# Homework Help: Solutions to the laplace equation

1. Jan 6, 2008

### ehrenfest

[SOLVED] solutions to the laplace equation

1. The problem statement, all variables and given/known data
http://mathworld.wolfram.com/LaplacesEquation.html
I don't understand why the solutions to the Laplace equation are different in different coordinate system. Obviously, the solutions will look different when you write them out as equations, but when you plot them and look at them in Mathematica, shouldn't they be coordinate system independent?

EDIT: maybe the answer is this: in each coordinate system, there is some really convenient basis that is expressible in a small number of terms with the variables in that coordinate system. however, the "space" of the solutions is the same in all coordinate systems. is that right?
2. Relevant equations

3. The attempt at a solution

Last edited: Jan 6, 2008
2. Jan 6, 2008

### CompuChip

It is because the gradient operator is different in each coordinate system.
I think you'd expect, for example, that transforming the polar coordinates solution to Cartesian coordinates should give the solution in Cartesian coordinates found directly from the equation, right?
The problem is, that doing the coordinate transformation the Laplacian also changes form (there are extra coordinate-dependent terms in front of the derivatives, such as 1/r^2 and 1/(r sin theta)) and rather than have the solution transform consistently, we want the combination with the Laplacian to transform consistently. This means the solution will have to look different, to compensate for the differential operator looking different.

3. Jan 6, 2008

### ehrenfest

Is what I wrote in the EDIT right?

4. Feb 17, 2008

### ehrenfest

anyone?

5. Feb 17, 2008

### malawi_glenn

I dont understand what you wrote in EDIT, but I totaly agree with CompuChip's answer.

6. Feb 17, 2008

### CompuChip

I also don't understand the part about
I sort of agree with this quote though (if you meant it the way I think you did):
You could compare this to bases in vector spaces: one vector can have completely different components ("look different") depending on your choice of basis, though it is always the same vector. So if you want to look at this way conceptually, that's fine. Note however, that in this case, the solution actually is different. That is, if you have a solution in spherical coordinates, you can transform it to Cartesian coordinates, but it will not be the same as a solution in Cartesian coordinates (and if you apply the Laplacian in Cartesian coordinates, it will not satisfy your differential equation). If you also transform the Laplacian from spherical to Cartesian coordinates however, and apply the transformed Laplacian to the transformed solution, then you will get the same as when you applied the original (spherical) Laplacian to the original (spherical) solution.

7. Feb 17, 2008

### ehrenfest

When you say "looks different", do you mean how it looks when you write it down? I am not talking about that. A solution to Laplace's equation is a twice-differentiable function from $\mathbb{R}^3$ to $\mathbb{R}$ regardless of the coordinate system . When I talk about how a solution "looks", I mean how it looks to someone who can visualize four dimensions and can thus literally "see" the solution just like you and I can see solutions plotted on the Cartesian plane. My claim is this: if you take any solution to Laplace's equation in spherical coordinates and "look" at it in 4D, then you find a solution to Laplace's equation in rectangular coordinates that "looks" exactly the same in 4D. The vector space I am talking about is the actual plots of the solutions in 4D. And my claim is that the vector space is identical in every coordinate system; only the convenient basis is different. PLEASE CONFIRM THIS.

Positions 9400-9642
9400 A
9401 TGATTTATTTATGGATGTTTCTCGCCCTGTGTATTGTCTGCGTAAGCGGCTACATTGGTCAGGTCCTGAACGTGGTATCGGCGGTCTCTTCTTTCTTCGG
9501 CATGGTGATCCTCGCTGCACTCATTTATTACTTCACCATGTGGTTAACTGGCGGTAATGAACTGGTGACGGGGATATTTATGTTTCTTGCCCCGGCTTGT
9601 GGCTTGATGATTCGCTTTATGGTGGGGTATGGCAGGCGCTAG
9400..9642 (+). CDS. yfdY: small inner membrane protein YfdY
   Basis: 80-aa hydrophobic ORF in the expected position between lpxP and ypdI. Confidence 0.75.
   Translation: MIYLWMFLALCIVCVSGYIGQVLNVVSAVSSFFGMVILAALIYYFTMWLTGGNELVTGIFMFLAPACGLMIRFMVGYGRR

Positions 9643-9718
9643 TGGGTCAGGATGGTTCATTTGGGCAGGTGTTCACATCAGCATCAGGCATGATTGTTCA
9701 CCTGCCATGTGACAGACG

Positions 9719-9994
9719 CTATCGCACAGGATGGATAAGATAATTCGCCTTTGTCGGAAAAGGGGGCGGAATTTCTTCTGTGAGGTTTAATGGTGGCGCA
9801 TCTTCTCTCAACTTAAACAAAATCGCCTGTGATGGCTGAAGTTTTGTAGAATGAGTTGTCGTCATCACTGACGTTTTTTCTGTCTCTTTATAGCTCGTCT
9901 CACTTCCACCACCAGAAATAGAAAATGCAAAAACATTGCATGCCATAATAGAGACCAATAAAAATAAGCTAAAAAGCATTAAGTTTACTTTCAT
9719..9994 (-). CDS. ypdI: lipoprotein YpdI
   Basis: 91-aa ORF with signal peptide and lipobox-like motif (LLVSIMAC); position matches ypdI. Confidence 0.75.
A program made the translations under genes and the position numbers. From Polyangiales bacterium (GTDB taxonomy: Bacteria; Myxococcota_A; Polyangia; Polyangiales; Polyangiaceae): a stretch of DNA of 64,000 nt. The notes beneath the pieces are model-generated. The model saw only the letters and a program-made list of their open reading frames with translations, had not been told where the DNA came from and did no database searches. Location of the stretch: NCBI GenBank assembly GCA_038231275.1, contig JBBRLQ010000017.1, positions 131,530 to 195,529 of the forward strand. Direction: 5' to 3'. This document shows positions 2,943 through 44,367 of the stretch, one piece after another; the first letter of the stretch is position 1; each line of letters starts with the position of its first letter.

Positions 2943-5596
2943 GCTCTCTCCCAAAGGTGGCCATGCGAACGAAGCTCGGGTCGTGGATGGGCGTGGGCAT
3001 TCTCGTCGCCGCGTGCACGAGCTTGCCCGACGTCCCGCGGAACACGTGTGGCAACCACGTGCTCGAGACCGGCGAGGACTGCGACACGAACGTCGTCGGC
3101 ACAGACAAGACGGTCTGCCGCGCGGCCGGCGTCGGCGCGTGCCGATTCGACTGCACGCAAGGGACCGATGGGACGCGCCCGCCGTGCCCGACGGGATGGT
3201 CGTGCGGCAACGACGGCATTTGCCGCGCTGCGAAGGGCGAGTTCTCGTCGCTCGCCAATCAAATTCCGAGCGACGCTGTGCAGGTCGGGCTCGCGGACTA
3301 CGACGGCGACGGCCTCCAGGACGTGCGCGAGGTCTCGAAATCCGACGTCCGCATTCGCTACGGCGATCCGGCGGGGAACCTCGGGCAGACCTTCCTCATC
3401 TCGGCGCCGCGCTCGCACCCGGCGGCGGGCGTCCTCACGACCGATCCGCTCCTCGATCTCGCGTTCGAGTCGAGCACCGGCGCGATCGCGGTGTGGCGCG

8. Feb 17, 2008

### ehrenfest

anyone?

9. Feb 18, 2008

### CompuChip

I'm not going to expand very much on this thread anymore, as I think everything there is to say has already been said in post #2, but why don't you calculate solutions f(x, y) in Cartesian coordinates and g(r, θ) in polar coordinates (in two dimensions) and then compare g(r, θ) to f(r cos(θ), r sin(θ)) ?
You can even plot it numerically.

10. Feb 18, 2008

### ehrenfest

Can someone else please take a look at my argument in post #7? I think it is right but this is really bothering me. This is a very elementary issue.

11. Feb 18, 2008

### Marco_84

hey guys.. i think that u are getting in trouble 4 nothing...
it is normal that when you solve laplace equation.... in any kind of "good" coordinates the behavior.... (the graphic) of your solution is the same.
The analitical formula is different obviously.... but, since there should be dippheomorphisms between the coordinates, every one can use what he wants.

in formulas:
this is our chauchy problem:

$$\triangle f=0; + B.C.$$

where triangle mean the laplacian in any kind of coordinates...
whene you get $$G$$(cartesian) or $$\widetilde{G}$$ (spherical) as a solution with the proper chauchy problem,.

At each value of x,y,z or $$\theta,r,\phi$$ we have:

$$G(x,y,z)=G(x(\theta,r,\phi),y(\theta,r,\phi),z(\theta,r,\phi))=\widetilde{G}(\theta,r,\phi)$$

to visualize it, its enough to live in flat-land and plot it with any kind of tool.

regards
marco

12. Feb 18, 2008

### Marco_84

in other words:

$$\frac{1}{r}=\frac{1}{\sqrt{x^2+y^2+z^2}}$$

ciao

13. Feb 18, 2008

### ehrenfest

I think that confirms my proposition.